Since chlamydia is a bacterial infection, it can be easily treated with antibiotics. It is advisable to inform your current and former partners of your condition so they can get tested as well. Also important is refrain from all sexual activity while you are undergoing treatment, to prevent your partner from transmitting it to you again if he is infected too.
Gonorrhea is the second most prevalent STD in the US. Sometimes known as the clap, it can be mistaken for a chlamydia infection due to their similar manifestations and routes of transmission.
Neisseria gonorrhoeae is the source of this disease and it is spread the same way chlamydia does: through all forms of sex. Young people (14-25) have the highest risk of infection, because they tend to change partners a lot and may not yet practice 100% safe sex. While chlamydia is more common in women, gonorrhea is more prevalent among men in the US.
This STD usually shows only mild symptoms or no symptoms at all. When they do occur, it’s usually within the first month after infection. They are slightly different for women and men, but they include:
- A painful or burning sensation when you pee
- Yellow discharge from the penis
- Swollen or painful testicles
- Burning sensation when you pee
- Increased vaginal discharge
- Vaginal bleeding
- Pain during sex
Symptoms of anal infection (in both men and women) can be:
- Yellow discharge
- Bleeding from the rectum
A chronic sore throat can also be a sign of gonorrhea.
If it is asymptomatic and/or left untreated, complications may arise, similar to the ones chlamydia patients experience. PID in women and epididymitis in men can lead to infertility. If babies get it from their mother during childbirth, they can end up blind. Very rarely, the bacteria that causes gonorrhea can find its way to the bloodstream and infect other tissues like the joints, the heart and the brain, or it can even cause sepsis.
Diagnosis and treatment
Yearly screening tests are recommended for younger men and women, since they are the ones mostly affected. Your doctor may take an urine sample or a swab of the area he thinks may be infected (usually vagina/cervix or penis). Discreet self test kits can also be found on the market.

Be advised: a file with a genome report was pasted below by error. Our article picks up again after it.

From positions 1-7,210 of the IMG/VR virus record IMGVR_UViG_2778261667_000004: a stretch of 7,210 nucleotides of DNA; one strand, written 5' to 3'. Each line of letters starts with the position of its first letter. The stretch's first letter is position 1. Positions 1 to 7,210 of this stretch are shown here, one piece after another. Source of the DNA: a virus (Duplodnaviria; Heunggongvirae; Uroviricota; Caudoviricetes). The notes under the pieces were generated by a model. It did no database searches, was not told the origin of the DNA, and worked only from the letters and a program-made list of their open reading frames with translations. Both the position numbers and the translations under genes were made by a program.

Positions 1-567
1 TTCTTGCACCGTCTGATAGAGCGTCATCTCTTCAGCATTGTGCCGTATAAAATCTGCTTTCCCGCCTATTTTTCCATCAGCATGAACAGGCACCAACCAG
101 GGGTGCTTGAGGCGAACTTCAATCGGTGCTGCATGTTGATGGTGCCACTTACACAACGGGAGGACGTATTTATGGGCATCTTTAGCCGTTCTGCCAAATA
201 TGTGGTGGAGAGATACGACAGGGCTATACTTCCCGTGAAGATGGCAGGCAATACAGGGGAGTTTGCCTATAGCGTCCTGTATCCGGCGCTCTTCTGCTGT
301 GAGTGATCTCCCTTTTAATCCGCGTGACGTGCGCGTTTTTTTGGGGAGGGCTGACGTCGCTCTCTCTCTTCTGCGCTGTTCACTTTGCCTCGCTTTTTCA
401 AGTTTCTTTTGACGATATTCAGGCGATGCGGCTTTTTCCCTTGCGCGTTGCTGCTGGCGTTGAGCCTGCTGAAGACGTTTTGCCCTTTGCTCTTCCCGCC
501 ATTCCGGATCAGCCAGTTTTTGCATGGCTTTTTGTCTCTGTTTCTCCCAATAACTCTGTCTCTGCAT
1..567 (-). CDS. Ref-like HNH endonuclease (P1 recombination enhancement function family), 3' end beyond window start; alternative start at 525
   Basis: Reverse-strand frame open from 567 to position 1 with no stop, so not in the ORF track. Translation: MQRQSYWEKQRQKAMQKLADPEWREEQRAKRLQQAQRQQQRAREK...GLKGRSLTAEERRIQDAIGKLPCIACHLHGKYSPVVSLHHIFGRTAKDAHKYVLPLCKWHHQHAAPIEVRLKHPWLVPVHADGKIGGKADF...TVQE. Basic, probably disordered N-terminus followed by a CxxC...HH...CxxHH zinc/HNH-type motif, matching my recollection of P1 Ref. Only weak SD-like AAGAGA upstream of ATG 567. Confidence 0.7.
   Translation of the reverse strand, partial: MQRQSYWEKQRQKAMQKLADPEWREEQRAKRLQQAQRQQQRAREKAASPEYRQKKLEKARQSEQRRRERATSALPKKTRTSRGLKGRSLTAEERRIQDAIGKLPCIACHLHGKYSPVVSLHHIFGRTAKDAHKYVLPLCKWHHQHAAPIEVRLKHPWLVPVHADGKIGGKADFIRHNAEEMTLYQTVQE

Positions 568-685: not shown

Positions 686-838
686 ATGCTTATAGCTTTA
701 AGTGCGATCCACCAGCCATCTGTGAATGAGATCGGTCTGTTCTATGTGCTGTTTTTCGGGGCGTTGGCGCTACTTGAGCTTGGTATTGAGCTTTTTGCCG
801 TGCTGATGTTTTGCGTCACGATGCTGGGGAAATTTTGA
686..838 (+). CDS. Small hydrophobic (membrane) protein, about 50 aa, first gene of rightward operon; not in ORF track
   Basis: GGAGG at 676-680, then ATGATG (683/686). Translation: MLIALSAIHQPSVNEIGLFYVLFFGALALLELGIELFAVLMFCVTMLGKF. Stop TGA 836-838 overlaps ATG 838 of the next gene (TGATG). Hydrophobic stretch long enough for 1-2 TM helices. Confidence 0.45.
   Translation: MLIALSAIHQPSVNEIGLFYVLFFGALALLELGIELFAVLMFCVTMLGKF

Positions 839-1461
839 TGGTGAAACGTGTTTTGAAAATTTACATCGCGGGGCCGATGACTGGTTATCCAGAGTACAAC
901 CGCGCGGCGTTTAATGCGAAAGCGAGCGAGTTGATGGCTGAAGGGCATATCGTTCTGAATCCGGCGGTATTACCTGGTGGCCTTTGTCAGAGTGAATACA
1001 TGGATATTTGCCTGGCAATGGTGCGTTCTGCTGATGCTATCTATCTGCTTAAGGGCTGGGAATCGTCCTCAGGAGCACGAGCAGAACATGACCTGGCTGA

Luckily, the patients do not have to worry even if they are diagnosed, because this infection is easily treated with the right antibiotics. It is important that you follow you doctor’s instructions and abstain from sex while you are being treated to prevent passing it back and forth with your partner.
Chlamydia and gonorrhea are easily confused due to their similar symptoms, the way of transmission and complications. Some patients may actually have both of these STDs at the same time. While they are easily treated with antibiotics, it is very important to differentiate them and treat them with a specific type of medicine. Especially gonorrhea infections are rapidly becoming more and more resistant to many different types of antibiotics. If this trend is to continue, some scientists fear that it could develop into the next so called ‘superbug’. Fertility problems can be an unfortunate consequence of both of these infections. Women whose chlamydia progresses into PID have a higher prevalence of infertility than those with PID and gonorrhea. If you have been infected with either of these bacteria, you have a higher risk of HIV/AIDS or even cervical cancer. It is important to remember that just because you had it once does not mean you can’t get it again. The only way to prevent this is to practice safe sex! Condoms are the only contraceptive method that protects from STDs!